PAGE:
"When one wants something the other does not, we do not want them to get hurt," said aunt Marie Sabuco.

Both girls love Elmo from the TV show "Sesame Street." They play "mommy and baby" with each other; when Angelica coughs, Angelina gently pats her back. They know the alphabet, their colors and can count to 10.

But their growing weight -- 55 pounds combined -- posed practical problems for mother Ginady, who must carry the girls together. To dress them, she buys identical clothes, cut down the middle and then joined by Velcro.

The family could have sought surgery in their native Philippines, but father Fidel works as a technician at Ultraclean Technologies in Hayward, Calif., and had a good Blue Cross health insurance policy.

An Internet search led them to pediatric surgeon Gary Hartman -- and Stanford. The family petitioned for the mother to come to the United States with the girls.

Conjoined twins are rare, representing between 1 in 50,000 to 1 in 100,000 births. (Accurate numbers are hard to come by, because many die during pregnancy or birth.)

The cause remains a mystery, said Hartman. Either two separate eggs fuse during early development, or a single twinned embryo fails to separate.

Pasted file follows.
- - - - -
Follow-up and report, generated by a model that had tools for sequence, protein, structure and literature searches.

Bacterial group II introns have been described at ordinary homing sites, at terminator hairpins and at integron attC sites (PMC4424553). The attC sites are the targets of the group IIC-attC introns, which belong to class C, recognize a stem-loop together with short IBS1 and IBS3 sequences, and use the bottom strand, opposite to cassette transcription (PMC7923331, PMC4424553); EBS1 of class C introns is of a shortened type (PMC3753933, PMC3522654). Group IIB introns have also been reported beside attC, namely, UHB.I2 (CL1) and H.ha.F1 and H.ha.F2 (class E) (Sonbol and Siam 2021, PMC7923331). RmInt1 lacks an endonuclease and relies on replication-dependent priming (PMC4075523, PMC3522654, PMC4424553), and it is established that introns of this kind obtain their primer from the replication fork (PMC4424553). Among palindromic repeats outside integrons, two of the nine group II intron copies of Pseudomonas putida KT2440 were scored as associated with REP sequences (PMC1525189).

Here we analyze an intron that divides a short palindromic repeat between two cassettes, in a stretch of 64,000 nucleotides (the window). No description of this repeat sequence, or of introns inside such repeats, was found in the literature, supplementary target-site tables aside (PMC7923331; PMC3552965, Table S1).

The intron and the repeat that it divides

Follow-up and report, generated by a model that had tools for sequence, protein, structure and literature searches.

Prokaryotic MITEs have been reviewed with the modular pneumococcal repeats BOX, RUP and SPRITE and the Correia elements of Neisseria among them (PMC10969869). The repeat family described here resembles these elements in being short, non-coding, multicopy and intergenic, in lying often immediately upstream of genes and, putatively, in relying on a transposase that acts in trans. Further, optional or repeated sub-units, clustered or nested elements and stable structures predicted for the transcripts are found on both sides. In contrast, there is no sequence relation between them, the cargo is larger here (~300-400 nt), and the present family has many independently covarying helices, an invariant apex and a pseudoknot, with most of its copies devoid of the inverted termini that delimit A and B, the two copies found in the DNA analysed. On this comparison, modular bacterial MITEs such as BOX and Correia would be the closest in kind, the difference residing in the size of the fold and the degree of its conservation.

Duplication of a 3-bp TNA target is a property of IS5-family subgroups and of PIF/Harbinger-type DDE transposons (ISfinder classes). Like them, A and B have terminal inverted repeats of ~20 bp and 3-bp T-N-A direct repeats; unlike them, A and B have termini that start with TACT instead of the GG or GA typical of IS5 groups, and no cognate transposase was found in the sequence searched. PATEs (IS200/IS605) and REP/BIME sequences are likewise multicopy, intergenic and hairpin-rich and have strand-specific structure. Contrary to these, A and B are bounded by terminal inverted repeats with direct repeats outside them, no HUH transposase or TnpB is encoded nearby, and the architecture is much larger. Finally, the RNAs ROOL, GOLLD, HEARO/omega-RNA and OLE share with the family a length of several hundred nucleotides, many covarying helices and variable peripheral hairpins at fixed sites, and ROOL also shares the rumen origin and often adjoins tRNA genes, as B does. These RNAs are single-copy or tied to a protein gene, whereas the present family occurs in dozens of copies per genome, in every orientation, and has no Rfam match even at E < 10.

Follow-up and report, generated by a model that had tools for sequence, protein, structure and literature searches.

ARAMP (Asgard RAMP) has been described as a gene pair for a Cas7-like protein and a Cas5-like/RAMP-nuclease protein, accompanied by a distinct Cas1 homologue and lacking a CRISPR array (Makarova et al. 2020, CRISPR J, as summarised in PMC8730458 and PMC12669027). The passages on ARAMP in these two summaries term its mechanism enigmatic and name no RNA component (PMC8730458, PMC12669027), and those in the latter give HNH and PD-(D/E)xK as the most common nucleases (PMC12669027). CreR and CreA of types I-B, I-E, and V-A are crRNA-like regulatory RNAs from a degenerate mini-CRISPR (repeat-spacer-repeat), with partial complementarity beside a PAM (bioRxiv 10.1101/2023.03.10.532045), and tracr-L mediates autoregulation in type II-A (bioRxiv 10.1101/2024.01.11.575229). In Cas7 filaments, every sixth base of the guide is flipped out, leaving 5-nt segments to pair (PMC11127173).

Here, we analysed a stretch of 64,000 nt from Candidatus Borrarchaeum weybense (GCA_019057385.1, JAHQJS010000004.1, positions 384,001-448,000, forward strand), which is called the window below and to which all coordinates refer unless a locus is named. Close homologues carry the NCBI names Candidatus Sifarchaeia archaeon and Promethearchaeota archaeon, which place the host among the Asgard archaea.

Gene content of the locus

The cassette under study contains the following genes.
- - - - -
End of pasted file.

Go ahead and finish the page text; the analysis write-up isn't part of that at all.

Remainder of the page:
This will be the second separation of conjoined twins performed at Stanford. The first pair, also separated by Hartman's team in 2007, is now doing well.

At first, there was no guarantee that Angelina and Angelica would survive surgery.

Happily, internal imaging showed that the girls have separate hearts, making surgery feasible. There was another piece of good news: their digestive systems function independently. And although their sternums are joined, their ribs are separate.

But their livers are tightly fused together. This is worrisome, because a healthy liver is critical to survival -- it removes toxic chemicals and makes the bile needed to break down food.

Anesthesia poses another challenge. Although they are viewed as individual patients, with separate respiratory systems, there is little room to accommodate all the tubes and other tools essential to keep airways open.

Hartman will make the first incisions in the girls' skin and muscle, and plastic surgeon Peter Lorenz will cut through their rib bones.

The doctors are hoping that the girls' bodies, once opened, will reveal no surprises.

Their girls' diaphragms and livers will be divided. Finally, Hartman will cut any adhesions between the girls' bowels, as well as any last bit of shared skin.

Then, in separate operating rooms, the reconstruction phase will begin. To rebuild the girls' chest and abdominal walls, doctors will implant a thick resorbable plate into each girl.

Afterward, the girls will be in intensive care, where they'll recover for four to five days before being moved to a regular room for another week or so.

Then they'll head home to San Jose to start their lives as two ordinary little girls.

"I want them to have a good future," Ginady Sabuco said.

(c)2011 the San Jose Mercury News (San Jose, Calif.)